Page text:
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Galax residents voiced both their support and opposition for the mural being painted on the Jeff Matthews Museum during a Galax City Council meeting on Monday, before city council decided to move forward with a redesigned version of the painting.
Since “mural” wasn't clearly defined in city codes, the Galax Planning Commission had been trying to determine whether the mural — now just a yellow stripe background with “Jeff Matthews Museum” painted in bold black letters — complies with the sign ordinance. Last month, the commission decided that it didn't, since the 348-square-foot painting far exceeded size requirements of 18 square feet.
The commission also decided that it was not a mural, but a sign, due to the wording inside of the yellow stripe.
The commission has since held work sessions to better define city codes and size requirements.
Regardless of meeting sign requirements, the problem still needed to be solved with the halfway-painted sign already on the Jeff Matthews Museum. The museum board, neighbors and mural artists David and Brigette Payseur met to discuss what could be done to make the mural comply, as well as come to a compromise with some neighbors who opposed the bold, yellow color.
Doris Carpenter, who lives across from the museum, was first to come to the city with a concern, saying that the mural was “unsightly” and the city should choose another option to attract visitors to the museum. Before a bear and a cabin could be added on each side of the stripe, work was halted.
The final mural design is a panoramic view of the New River with visual elements — a corn field, a bear, a cabin and an arrowhead — representing items the museum board feels are important.
Even after the new option was presented, Carpenter said she opposed any mural on the museum. The new sketch would cover up the yellow box and the “Jeff Matthews Museum” letters to create a mural instead of a sign.
Below the mural, the design drawing shows a smaller version of the black and yellow “Jeff Matthews Museum” sign that would now comply to the sign ordinance.
“I find out that I'm not alone in my comments and don't want anything being painted on the building,” Carpenter told council. “It doesn't comply with the size.”
Carpenter suggested that the city-owned building be better maintained by the city, as she pointed out debris on the bottom edges of the building from mowing and weed eating.
“It needs proper landscaping,” she added. “It's more than just a mural. It's about preserving the building and having something we all can enjoy.”
Another neighbor to the museum told council he had visited the museum many times and was shocked when he returned from vacation to find that the building contained a black and yellow sign.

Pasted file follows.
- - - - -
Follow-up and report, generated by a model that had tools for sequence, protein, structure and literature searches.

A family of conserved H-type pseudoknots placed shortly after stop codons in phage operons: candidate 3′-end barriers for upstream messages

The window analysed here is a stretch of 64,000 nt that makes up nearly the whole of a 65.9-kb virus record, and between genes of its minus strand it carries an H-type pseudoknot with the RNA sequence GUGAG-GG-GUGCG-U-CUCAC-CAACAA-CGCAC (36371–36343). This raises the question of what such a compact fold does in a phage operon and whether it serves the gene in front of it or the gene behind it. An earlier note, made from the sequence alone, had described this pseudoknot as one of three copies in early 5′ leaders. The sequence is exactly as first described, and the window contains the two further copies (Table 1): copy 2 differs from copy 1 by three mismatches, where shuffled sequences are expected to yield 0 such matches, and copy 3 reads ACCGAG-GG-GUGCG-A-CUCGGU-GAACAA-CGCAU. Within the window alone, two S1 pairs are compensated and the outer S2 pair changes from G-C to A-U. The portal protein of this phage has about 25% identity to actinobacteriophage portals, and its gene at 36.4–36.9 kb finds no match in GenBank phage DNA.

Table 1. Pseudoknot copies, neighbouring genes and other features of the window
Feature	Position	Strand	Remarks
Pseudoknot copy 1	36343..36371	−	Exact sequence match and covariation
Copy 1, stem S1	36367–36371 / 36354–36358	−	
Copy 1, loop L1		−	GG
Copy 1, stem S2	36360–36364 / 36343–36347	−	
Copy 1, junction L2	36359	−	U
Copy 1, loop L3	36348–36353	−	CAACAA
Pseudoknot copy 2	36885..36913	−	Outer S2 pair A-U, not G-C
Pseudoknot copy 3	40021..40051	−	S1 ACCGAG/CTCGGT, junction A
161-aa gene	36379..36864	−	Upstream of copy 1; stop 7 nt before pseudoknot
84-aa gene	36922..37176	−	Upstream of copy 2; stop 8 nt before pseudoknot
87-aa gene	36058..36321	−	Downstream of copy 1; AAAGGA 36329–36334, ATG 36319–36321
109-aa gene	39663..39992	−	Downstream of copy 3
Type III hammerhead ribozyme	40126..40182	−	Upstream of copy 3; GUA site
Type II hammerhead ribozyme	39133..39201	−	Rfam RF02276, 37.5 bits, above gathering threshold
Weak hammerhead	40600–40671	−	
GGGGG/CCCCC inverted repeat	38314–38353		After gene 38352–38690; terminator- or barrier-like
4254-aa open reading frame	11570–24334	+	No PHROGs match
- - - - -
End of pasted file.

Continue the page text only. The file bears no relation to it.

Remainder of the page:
“Black and gold doesn't fit into the neighborhood. Let's leave the black and gold to the football teams,” he said, noting that he's a fan of the Pittsburgh Steelers.
He said although “mural” wasn't clearly defined in the codes, he doesn't see the yellow painting as a mural, but rather a sign, due to the wording inside of the box.
However, others spoke on the artists' and mural's behalf.
“The first design needs to be finished first before making any judgement,” said Pat Moxley, a resident of Galax for 16 years and a visual arts teacher at Galax schools. “To go to a second design that may cause more controversy is far worse.”
No matter what design is chosen, said Moxley, not everyone is going to be happy. That's why it's best to remedy the color yellow with softer colors.
Council Member Bob Lazo agreed with Moxley.
However, leaving “Jeff Matthews Museum” written in bold letters would not comply with the sign ordinance size, Mayor C.M. Mitchell noted. Making an exception “would just open a can of worms,” he said.
“I think the painting is very tasteful,” said artist and Galax High School student Joyce Kuang. “The voices from students are very important, and I believe the mural will draw in people of all ages.”
Sabrina White, who lives on Oldtown Street close to the museum, has lived in Galax for 20 years and has spent many days at the museum.
“To have a beautiful mural on the museum and to see these treasures come alive would bring me such happiness,” she said. “I like that this mural welcomed individuals specifically with items in the museum.”
Council Member John Garner said he has driven past the museum thousands of times, but when the mural went up, it was the first time he noticed the building in a long time.
“The museum has received more people than in weeks before,” he said. “That's the point.”
The new design is a good remedy to the situation, he suggested. “I'm not talking about the art. It's more of a sign than a mural. But you can't take off the sign without defacing the building.”
Mitchell noted the options: the mural can be painted over; it can be sandblasted off, but would deface the building; or the entire building could be painted, but that would leave a major maintenance issue as the sun causes the painting to fade and wear.
The new idea for the mural, he said, is now in compliance with the sign ordinance.
Keith Barker, acting city manger, said the new mural design would cost $2,500, and would be a credit to what has already been done. The first mural design was estimated at $1,900.
“If we continue, I fear that this will tear the community apart,” said Vice Mayor Willie Greene.
Council accepted the museum board's recommendation for the new mural design.
“I'd like to thank all of those involved,” said Council Member Derrick Davis. “We were able to come together as a community to find a solution.”